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The Father

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Din’s mother had given him a wavering smile before she hugged him goodbye. His father’s hands had been steady on his shoulders as he kissed his forehead. 

He hadn’t realized the strength it must have taken them not to crumble until now, as he looks the kid in the eye, without the shelter of the helmet concealing the tremble he can feel in his lip, the burning behind his eyes. 

He was no stranger to pain. He’d spent most of his life having to be strong. When he’d lost his parents, when the Empire had slaughtered his tribe, when the kid had been taken on Tython, it had taken all the strength he’d had not to break. 

Yet none of those moments had taken half the strength it takes now, to set Grogu down, to let him walk away. Every muscle in his hands strain with tension, every movement he makes as he gently lowers Grogu to the floor cuts him to his skin. He wants to say no, he wants to scoop the kid back up in his arms, to fly away and forget any of this happened. 

But Grogu holds his arms up to the Jedi, and even Din can feel the peace within the kid, the acceptance. And the Jedi’s eyes are kind, they are gentle, as he nods at Din, a silent thank you passing between them.

Din’s parents hadn’t wanted to part with him, they hadn’t wanted to hide him away in the hatch. They had wanted to take him and try to run away from the darkness coming for them. Din knows that now. He knows now the strength it had taken for them to let him go, to give him his best chance.

He wants to give Grogu his best chance.

He lets him go. 

Din watches the kid, his eyes never wavering, a small smile on his lips and a reassuring nod on his head. Din waits until his kid is gone from his eyeline. 

Then he crumbles. 

 

He can feel Cara’s hand on his shoulder. She’s sitting next to him, her body angled away so she can’t see his face. 

He can feel himself trembling. There’s a pain in his chest, in his lungs, in his head. He can’t move, even to put his helmet back on. A heavy grief is weighing him down, paralyzing him.

He hears voices behind him, Bo-Katan arguing in hushed tones about what to do with Gideon. She thinks the New Republic will be too soft on him. She wants to deal with him now and swiftly. He can still hear the malice in her voice when she mentions the Darksaber. 

He wants to tell her again that she can have the stupid weapon, he doesn’t want it.

He’s given up the only thing he wants.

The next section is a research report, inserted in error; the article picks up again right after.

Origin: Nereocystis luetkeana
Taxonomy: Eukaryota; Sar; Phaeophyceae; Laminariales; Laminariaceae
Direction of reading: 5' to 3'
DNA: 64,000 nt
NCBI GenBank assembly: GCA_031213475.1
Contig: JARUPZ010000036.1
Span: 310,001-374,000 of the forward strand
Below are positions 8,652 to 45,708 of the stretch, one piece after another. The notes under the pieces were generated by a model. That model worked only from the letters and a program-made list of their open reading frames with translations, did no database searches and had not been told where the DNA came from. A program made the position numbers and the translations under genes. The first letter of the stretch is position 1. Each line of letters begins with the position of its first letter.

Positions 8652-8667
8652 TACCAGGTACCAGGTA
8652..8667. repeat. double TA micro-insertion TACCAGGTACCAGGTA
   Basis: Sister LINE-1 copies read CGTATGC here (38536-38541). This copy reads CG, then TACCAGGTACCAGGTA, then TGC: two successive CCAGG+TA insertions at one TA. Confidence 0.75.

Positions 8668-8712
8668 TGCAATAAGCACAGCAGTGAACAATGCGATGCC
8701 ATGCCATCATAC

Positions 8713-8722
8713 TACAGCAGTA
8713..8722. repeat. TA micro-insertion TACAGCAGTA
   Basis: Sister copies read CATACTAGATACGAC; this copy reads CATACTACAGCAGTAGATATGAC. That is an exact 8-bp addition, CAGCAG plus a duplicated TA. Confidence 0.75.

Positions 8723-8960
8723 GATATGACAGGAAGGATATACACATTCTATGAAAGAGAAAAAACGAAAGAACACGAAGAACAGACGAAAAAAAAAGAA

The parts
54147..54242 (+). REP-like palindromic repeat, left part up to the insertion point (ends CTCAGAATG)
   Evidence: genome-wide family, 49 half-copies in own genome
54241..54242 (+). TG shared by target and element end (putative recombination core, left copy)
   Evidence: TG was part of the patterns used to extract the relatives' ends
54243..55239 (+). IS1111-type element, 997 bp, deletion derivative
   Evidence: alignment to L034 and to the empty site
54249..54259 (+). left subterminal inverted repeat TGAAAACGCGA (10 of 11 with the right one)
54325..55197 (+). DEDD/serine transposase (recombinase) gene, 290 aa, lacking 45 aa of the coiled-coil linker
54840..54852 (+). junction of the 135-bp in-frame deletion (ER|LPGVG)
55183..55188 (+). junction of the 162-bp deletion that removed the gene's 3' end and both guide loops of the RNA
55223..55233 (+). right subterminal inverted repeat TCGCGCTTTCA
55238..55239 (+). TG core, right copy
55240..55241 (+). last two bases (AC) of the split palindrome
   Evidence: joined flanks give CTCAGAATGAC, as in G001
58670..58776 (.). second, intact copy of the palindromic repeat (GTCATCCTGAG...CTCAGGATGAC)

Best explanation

The pieces of himself that he’d been holding together for Grogu’s sake are slowly starting to unravel and he buries his face in his hands.

Cara’s hand tightens on his shoulder.

He hears a whispered voice next to them, it’s Fennec, “The New Republic reinforcements are almost here. Take your time, come when he’s ready.”

He lifts his head up ever so slightly to see Cara nod at her. Fennec has her eyes averted from his face as Cara’s are. It’s a kindness that brings him back to himself for a moment. There are still people here, there’s still work to be done.

He no longer has a clan but he’s still a Mandalorian. His eyes are blurry as he fumbles at his side for the helmet. Cara reaches for it and gently presses it into his hands. 

He’s not alone. He still has family here. But there’s a gaping hole in his chest, something hollow and cold that he thinks may never be mended. 

He ducks his head and puts the helmet on. He stands up. 

 

“Are you sure you won’t come with us?” Boba asks him, as he prepares his ship to take off.

“Thank you,” Din says, “but no. There’s somewhere I need to go first.”

“I suspect we’ll meet again someday,” Fennec says, holding a hand out to him. “It was nice to see you again Mando.” There’s a hint of a smile on her lips.

“Likewise,” he says, taking her hand and shaking. “Thank you, both of you, for your help.”

She turns to leave. Boba gives him one last look before they board his ship. “You did the right thing. He will be safe with the Jedi.” He shakes his head to himself as if remembering something, “They are powerful beings.”

“Thank you,” Din says again. He can’t quite bring himself to believe he made the right choice. Not yet.

Maybe Boba senses that, because as he climbs into his ship he says, “The love between a father and his son is strong. He was lucky to have you in his life, even for a fleeting time.” 

Din nods at him, grateful that the helmet hides his eyes. He knows it was not Grogu who was the lucky one. 

 

He’s sitting in the small New Republic ship, a loan from Cara. “I asked them to bring their best one,” she says resting a hand on the pilot’s seat. “It’s definitely not the Razor Crest, but it’ll do.”

It’s not the Razor Crest. It’s sleek and shiny, and he doesn’t have to stop every parsec to fix the loose wires. He feels like a stranger sitting in it. There’s an uncomfortable sense of being away from home. Maybe that’s better, he thinks, there were too many memories on the Razor Crest that would burn. The small metal ball feels heavy in his pocket.

“You know,” Cara says with a small smile, “We could really use someone like you in the New Republic.”

Din would laugh if he felt up to it. “Thank you for your help Cara Dune,” is all he says. “I owe you one.”

“No you don’t.” She pauses, then, “He’s going to be okay, you know.” 

Din can’t answer and Cara puts her hand on his shoulder again. “You know where to find me if you need me.”